For nearly two years, Luke Coons has been driving back and forth between work in Schoharie and a relative’s home in East Greenbush.
Those trips are now over, and Coons, his girlfriend Jamie McFarland and their seven children will be moving back to the village permanently.
Roughly 30 volunteers, neighbors and members of the flood recovery organizations SALT and Schoharie Recovery gathered Thursday at the family’s house on Fair Street for a blessing and welcoming ceremony that followed nearly two years of dedicated hard work.
“It almost felt like you were homeless for more than a year,” Coons said.
The house was Coons’ boyhood home, and after Tropical Storm Irene, his parents turned what was left of it over to him.
The house’s foundation was caved in on one side from the pressure of floodwater from the Schoharie Creek, the banks of which are several hundred feet away under normal circumstances. It needed a complete gutting, including new wiring on the second floor because water seeped up the old wiring’s insulation.
Coons described a long road to recovery that entailed working at the house when he wasn’t working as a cook at Little Italy Pizza and Pasta in the village, sanding down the floors or helping his friend Don Buck of Saratoga, who took on the difficult task of rebuilding the home’s foundation.
Coons said one of his cousins helped with replacing ceramic tile, another did some electrical rewiring, and volunteers from Brethren Disaster Ministries, SALT and Schoharie Recovery took care of the rest — right down to building new walls, painting, and finding appliances like a clothes washer, a dishwasher, ceiling fans and cabinets.
For Coons, living in Rensselaer County was summed up by all the traffic on the road near where his children played — a situation that will end once the family is completely moved back in.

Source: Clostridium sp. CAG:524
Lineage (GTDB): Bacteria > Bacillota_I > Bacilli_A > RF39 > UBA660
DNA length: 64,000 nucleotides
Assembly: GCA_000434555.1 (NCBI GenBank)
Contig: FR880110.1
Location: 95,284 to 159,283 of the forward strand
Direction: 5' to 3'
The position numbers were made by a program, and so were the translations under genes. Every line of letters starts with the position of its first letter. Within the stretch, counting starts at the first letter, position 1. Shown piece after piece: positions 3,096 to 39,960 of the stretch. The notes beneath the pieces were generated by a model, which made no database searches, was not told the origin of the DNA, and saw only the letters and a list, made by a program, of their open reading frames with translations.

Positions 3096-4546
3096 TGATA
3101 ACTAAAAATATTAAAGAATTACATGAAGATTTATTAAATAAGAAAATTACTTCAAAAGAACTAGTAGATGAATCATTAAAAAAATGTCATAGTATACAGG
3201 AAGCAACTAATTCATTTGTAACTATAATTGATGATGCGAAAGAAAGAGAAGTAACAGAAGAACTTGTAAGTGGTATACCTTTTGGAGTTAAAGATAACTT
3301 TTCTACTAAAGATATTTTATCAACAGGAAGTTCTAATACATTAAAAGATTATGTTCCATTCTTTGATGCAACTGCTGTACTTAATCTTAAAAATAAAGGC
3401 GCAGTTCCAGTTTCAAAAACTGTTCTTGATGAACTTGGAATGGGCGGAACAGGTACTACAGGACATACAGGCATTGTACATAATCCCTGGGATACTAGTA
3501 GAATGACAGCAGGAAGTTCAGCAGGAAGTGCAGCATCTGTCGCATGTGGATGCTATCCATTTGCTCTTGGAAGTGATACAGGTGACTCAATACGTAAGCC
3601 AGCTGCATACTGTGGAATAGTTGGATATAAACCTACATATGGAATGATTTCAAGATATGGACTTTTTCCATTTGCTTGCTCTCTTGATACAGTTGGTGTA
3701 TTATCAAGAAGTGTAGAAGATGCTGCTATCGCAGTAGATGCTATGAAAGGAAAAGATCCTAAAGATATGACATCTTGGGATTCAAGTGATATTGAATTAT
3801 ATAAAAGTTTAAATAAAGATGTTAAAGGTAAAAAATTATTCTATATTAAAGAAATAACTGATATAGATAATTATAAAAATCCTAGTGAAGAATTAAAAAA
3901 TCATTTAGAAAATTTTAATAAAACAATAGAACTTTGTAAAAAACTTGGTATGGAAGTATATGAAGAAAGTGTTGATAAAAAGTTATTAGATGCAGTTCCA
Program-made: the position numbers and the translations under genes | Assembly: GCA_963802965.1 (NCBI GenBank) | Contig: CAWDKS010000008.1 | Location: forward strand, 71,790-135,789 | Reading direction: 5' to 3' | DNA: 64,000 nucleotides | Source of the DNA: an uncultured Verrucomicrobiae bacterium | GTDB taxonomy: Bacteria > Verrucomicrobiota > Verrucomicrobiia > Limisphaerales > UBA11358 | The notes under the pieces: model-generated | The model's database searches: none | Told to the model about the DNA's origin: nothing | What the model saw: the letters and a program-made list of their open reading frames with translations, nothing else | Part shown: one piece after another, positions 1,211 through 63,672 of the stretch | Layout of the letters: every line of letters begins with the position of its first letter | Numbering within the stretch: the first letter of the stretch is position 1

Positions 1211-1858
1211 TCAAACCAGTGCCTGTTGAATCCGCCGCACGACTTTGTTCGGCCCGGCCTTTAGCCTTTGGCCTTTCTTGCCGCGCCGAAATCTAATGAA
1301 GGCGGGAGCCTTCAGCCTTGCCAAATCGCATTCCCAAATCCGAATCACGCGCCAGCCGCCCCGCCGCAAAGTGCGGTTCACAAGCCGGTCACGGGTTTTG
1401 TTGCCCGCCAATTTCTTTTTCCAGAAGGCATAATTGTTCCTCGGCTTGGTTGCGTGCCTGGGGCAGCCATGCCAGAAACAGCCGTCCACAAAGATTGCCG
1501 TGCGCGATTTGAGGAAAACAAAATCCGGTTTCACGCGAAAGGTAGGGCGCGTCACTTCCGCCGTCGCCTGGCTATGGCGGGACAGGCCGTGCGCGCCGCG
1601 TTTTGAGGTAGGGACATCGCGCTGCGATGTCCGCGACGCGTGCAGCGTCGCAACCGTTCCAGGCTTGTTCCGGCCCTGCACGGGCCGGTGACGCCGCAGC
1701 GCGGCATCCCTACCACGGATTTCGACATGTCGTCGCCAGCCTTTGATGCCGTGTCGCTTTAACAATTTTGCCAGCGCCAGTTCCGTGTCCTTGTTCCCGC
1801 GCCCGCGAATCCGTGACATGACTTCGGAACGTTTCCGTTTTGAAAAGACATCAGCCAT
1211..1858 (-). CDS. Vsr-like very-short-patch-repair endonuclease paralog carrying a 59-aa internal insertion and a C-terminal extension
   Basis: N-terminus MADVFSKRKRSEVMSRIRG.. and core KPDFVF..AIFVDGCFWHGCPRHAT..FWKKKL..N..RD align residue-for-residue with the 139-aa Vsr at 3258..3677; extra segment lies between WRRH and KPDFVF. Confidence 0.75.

“This is a great spot to raise kids,” he said.
Josh DeBartolo, a director at Schoharie Recovery, said completion of Coons’ house leaves three left to do on Fair Street.
“This is an excellent day as we move one more family back in,” he said.
SALT director Sarah Goodrich said she remembers the worried looks on people’s faces in the early days after the flood. Now they’re smiles, she said.
“This is what recovery is all about,” she said. And the recovery, she said, is due in great part to the Schoharie community’s determination to rebuild, as well as the hope they’ve maintained since the disaster.
“Without that hope, we wouldn’t be doing any of this,” Goodrich said.
Teams of as many as 15 volunteers from the Church of the Brethren Disaster Ministries worked on the house, mostly retired contractors but also some who aren’t retired. Project manager Thom Deily of Claysburg, Pa., said some volunteers still in the workforce spent their week’s vacation working on the project.
“It’s very heartwarming when you move people into their home. There’s nothing like doing this, nothing,” he said.
SALT, which took on the challenge of rebuilding the Schoharie Valley after Irene, will be observing the second anniversary of the disaster at 10 a.m. Saturday, Aug. 24, at the Daughters of the American Revolution’s Lassell Hall at 268 Main St., Schoharie.